“I never followed an English team as a kid. Even though everybody here thinks everybody in Ireland is a Celtic fan, in fact there weren’t many people at home that had Celtic as their main team in those days. It was Liverpool. All the lads I grew up with were Liverpool fans. I had no interest in that.”

He has embraced Scotland, but misses Ireland. Misses the family anyway. Misses the people. Doesn’t miss the politicians or those who have brought the country to it knees. He’s talking now about the government and the scandals of the Celtic Tiger years. “The biggest problem was the neglect to places like Finglas where I grew up. Totally neglected. The wealth in those years never circulated to everybody, it was kept to a certain percentage of the country and we’re paying for that now. The ordinary working-class people in areas like mine are really, really struggling. I grew up in Finglas South which was a fantastic place to live but over the last ten years has had a horrible amount of everything and has sort of lost its community feeling.

“There’s no infrastructure there for kids and this is repeated all over the country. Nobody thought that by building houses they needed to build something for all these kids to do because if they don’t they’ll go and do something they’re not supposed to do. I love Ireland, love the people, love going back, it will never be anything different to me. We’ve got problems, though, and the people have taken a lot of flak. In any other country in Europe there’d be mayhem. We took it on the chin but you can only take so much. Maybe we let them [the government, the banks, the builders] away with too much.”

He can do nothing about his homeland’s financial woes but then again he has enough on his plate dealing with his lot at Easter Road. All the hard work of winning things as manager of Shelbourne and Bohemians and Derry has paid off, he says, by getting the job at Hibs. This is what he wanted. A bigger testing ground. Well, he’s got it and he’s brought to them a second Scottish Cup final and the key man who took him there – and who kept Hibs afloat in the SPL – was one he may lose in the summer, the irreplaceable Griffiths

“You know the story. I’d love to keep him, but you’re caught. On one hand, I want him to stay but on the other hand I’d like to see him play at a higher level because he can if he puts his mind to it. He’s maturing as a player and as a person. People think he’s this and he’s that but Leigh doesn’t cause me any problems. He wants to train and wants to play, it’s when he leaves the training ground… If I could keep him there for eight hours a day I’d keep him, but that’s a bit unlikely. It’s when he leaves. There’s no malice in Leigh. At times there’s a bit of stupidity, but no malice.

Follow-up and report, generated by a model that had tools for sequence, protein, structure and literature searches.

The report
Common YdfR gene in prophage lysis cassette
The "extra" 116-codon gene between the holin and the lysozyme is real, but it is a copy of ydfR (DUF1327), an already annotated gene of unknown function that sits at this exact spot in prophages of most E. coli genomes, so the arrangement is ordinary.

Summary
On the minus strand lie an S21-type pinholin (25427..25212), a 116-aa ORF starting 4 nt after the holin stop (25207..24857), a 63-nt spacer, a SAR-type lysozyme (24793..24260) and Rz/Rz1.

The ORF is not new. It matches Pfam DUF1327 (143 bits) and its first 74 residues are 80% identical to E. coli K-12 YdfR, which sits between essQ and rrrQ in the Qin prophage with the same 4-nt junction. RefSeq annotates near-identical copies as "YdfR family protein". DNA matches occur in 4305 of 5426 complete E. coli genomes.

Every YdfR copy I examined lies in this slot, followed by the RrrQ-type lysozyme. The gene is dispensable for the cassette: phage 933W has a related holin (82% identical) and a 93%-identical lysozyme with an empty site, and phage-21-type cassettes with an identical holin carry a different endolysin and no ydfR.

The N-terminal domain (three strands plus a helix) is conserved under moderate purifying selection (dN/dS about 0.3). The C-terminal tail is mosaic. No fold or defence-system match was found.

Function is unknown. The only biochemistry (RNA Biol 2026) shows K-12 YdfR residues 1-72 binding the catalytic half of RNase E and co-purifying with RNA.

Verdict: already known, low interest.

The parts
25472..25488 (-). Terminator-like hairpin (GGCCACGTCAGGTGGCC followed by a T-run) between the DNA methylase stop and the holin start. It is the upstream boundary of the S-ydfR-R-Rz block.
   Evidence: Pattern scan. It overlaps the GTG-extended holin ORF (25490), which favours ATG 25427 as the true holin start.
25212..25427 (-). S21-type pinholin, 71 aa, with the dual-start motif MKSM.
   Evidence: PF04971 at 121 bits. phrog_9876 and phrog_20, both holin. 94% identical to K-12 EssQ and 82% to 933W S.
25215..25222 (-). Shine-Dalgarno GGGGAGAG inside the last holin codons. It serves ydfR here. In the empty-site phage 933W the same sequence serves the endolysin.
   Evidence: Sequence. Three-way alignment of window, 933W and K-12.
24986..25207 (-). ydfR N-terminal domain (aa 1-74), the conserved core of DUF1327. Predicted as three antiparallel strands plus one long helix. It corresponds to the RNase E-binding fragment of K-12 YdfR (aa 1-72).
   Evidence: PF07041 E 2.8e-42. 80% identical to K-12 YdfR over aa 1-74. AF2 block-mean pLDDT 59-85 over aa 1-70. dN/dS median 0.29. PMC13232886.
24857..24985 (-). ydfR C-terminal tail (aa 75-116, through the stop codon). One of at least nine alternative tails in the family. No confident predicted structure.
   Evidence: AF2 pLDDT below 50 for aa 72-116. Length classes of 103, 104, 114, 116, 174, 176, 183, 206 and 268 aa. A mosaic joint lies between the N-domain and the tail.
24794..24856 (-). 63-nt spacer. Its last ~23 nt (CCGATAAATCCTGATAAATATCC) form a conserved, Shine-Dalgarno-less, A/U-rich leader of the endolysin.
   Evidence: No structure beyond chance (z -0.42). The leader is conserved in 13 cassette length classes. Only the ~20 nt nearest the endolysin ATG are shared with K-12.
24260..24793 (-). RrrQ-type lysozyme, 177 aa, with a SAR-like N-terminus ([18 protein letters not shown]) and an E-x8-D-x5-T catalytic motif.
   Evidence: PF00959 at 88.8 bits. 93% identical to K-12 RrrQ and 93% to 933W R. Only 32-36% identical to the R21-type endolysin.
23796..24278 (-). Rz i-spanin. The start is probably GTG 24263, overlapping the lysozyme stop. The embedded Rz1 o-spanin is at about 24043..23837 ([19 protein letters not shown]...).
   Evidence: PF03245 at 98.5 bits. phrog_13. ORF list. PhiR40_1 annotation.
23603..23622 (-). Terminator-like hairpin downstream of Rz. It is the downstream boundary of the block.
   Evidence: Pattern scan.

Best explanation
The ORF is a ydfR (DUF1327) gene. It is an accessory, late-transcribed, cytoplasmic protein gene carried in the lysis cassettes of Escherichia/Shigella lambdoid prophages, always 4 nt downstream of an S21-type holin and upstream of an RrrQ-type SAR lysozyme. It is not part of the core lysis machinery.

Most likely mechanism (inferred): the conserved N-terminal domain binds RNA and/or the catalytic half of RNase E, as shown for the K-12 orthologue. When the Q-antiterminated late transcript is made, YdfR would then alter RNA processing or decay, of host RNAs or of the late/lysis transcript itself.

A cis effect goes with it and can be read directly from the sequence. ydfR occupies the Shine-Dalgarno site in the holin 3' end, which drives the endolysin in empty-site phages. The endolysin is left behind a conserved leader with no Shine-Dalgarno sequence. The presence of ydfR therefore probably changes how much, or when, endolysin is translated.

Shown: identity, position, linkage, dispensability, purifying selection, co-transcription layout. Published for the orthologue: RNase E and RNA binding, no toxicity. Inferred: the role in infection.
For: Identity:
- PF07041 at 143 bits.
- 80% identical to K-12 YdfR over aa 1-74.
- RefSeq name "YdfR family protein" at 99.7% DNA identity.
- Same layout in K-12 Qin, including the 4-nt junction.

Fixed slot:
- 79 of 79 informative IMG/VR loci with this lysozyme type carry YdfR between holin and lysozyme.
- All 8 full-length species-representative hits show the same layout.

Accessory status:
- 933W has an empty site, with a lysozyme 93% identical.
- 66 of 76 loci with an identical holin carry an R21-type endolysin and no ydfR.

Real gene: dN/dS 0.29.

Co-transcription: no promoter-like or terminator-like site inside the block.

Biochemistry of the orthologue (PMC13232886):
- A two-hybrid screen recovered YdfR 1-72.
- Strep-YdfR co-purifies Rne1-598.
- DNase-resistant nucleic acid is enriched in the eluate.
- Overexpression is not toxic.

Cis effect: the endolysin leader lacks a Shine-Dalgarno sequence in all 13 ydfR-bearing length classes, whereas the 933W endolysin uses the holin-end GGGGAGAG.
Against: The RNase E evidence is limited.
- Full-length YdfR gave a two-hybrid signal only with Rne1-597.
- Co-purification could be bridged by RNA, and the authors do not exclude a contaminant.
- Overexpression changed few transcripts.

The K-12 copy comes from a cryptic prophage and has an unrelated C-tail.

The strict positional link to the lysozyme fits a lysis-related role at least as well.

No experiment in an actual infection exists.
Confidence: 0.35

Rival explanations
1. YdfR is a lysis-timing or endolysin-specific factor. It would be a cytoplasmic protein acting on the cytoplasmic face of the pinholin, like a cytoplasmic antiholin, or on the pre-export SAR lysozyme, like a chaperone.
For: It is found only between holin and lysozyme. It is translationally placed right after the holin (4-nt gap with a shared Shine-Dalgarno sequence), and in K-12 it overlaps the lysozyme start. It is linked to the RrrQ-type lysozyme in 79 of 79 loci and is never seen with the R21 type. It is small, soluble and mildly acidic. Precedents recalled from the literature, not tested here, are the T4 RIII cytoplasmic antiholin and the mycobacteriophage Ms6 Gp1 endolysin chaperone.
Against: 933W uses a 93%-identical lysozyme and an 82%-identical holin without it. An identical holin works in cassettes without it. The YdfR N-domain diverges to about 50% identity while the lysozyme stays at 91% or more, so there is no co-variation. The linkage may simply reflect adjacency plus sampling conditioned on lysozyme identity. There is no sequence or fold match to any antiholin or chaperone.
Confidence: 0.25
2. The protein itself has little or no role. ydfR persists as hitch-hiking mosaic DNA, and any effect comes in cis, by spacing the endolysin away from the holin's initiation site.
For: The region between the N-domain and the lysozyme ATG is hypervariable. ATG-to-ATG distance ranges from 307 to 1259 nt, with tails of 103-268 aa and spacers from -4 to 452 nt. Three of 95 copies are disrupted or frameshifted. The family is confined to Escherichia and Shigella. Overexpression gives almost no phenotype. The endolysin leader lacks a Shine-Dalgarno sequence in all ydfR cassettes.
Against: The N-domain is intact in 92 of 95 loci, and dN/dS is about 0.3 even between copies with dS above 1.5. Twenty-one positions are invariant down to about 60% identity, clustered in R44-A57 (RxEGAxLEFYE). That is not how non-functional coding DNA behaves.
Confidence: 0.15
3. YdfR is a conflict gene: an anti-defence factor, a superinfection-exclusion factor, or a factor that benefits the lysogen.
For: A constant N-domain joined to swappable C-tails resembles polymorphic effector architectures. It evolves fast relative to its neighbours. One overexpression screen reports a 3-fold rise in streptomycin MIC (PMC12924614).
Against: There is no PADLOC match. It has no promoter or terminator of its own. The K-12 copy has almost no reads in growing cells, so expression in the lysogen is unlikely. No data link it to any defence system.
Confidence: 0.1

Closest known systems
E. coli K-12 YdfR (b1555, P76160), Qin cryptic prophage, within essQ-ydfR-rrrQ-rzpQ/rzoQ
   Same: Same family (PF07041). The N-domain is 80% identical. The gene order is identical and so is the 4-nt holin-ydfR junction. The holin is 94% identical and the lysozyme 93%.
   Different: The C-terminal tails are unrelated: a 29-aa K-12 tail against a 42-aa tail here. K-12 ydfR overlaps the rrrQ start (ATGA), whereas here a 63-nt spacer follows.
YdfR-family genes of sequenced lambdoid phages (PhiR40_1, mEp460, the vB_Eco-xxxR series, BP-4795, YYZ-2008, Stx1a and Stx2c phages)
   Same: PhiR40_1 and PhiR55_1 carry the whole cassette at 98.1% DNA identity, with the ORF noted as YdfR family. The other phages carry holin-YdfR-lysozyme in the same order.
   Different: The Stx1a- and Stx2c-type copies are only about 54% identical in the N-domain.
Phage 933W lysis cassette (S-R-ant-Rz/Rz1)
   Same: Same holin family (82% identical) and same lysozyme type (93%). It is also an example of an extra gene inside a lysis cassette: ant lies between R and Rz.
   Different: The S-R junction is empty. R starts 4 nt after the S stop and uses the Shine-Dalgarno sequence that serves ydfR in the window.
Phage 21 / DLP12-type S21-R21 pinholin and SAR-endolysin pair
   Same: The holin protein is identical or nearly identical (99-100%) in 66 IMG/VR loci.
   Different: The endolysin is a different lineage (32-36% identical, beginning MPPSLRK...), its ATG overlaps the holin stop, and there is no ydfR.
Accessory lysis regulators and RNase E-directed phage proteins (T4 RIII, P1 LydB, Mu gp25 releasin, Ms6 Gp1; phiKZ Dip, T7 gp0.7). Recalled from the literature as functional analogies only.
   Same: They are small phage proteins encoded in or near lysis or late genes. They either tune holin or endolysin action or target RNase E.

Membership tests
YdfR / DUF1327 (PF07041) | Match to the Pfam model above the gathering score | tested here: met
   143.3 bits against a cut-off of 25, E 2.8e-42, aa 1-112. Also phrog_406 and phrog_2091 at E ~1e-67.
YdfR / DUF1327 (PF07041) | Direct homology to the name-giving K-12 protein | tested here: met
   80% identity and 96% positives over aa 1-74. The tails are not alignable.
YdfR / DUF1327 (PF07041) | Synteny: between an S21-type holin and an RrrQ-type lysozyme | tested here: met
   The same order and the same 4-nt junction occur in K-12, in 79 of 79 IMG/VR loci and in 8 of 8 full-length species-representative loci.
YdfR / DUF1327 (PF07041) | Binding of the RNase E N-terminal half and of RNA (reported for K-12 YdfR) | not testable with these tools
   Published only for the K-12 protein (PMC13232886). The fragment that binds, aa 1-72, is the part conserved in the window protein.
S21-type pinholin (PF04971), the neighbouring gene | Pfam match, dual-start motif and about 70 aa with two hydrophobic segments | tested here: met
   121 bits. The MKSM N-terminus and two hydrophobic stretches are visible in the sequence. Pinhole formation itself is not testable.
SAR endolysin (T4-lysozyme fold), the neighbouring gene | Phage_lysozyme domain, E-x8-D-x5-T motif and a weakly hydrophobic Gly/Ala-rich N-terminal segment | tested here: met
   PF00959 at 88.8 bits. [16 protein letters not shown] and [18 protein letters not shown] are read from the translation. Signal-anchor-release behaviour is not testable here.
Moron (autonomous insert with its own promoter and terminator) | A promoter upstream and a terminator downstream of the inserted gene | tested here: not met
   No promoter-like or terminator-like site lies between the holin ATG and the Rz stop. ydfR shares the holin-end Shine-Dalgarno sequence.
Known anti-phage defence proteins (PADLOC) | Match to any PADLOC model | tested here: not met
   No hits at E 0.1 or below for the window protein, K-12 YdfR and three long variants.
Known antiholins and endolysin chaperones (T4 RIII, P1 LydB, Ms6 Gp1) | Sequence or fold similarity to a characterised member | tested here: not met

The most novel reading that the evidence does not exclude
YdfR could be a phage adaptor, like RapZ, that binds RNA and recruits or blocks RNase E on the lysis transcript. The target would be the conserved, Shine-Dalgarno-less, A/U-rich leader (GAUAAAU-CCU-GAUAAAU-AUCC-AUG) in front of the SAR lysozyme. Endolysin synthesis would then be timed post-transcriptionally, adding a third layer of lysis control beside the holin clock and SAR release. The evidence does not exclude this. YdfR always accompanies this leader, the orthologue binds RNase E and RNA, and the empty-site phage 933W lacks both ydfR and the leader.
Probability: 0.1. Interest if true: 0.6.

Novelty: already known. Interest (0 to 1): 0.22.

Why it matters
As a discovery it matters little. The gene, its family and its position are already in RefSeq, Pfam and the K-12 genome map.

“One of the reasons he’s done well here is because everyone wants him and loves him. That’s massive. He enjoys coming here and he knows the fans adore him, knows that people in the club want to look after him and help him and I think that’s what he needs, he needs an arm around him. He’s got a few kicks up the arse as well, which he also needs, but mostly he needs a bit of lovin’. There’s no manager at Wolves yet, so we’ll see what happens. I’ve got two thoughts in my head about him: he’s got all the ability to go back down to England and be a big success but, equally, he might need another year to develop as a person as well as a footballer.”

Griffiths gives Hibs a puncher’s chance against Celtic. He scored the winner against them in the SPL this season, after all. “All I want them to do is to embrace this final because we didn’t do it 12 months ago. We rolled over. I want them to enjoy it. I want them to play. Celtic are going for a double and they’ll be up for it, but if we relish the occasion then I think we’ll be OK. That’s all you can ask for,” says Fenlon.

Soon there will be a gravestone in the cemetery across the way. Dan McMichael, the last Hibs manager to win the Scottish Cup – or the last but one?

“Maybe we’ll give the dominoes a try after all.”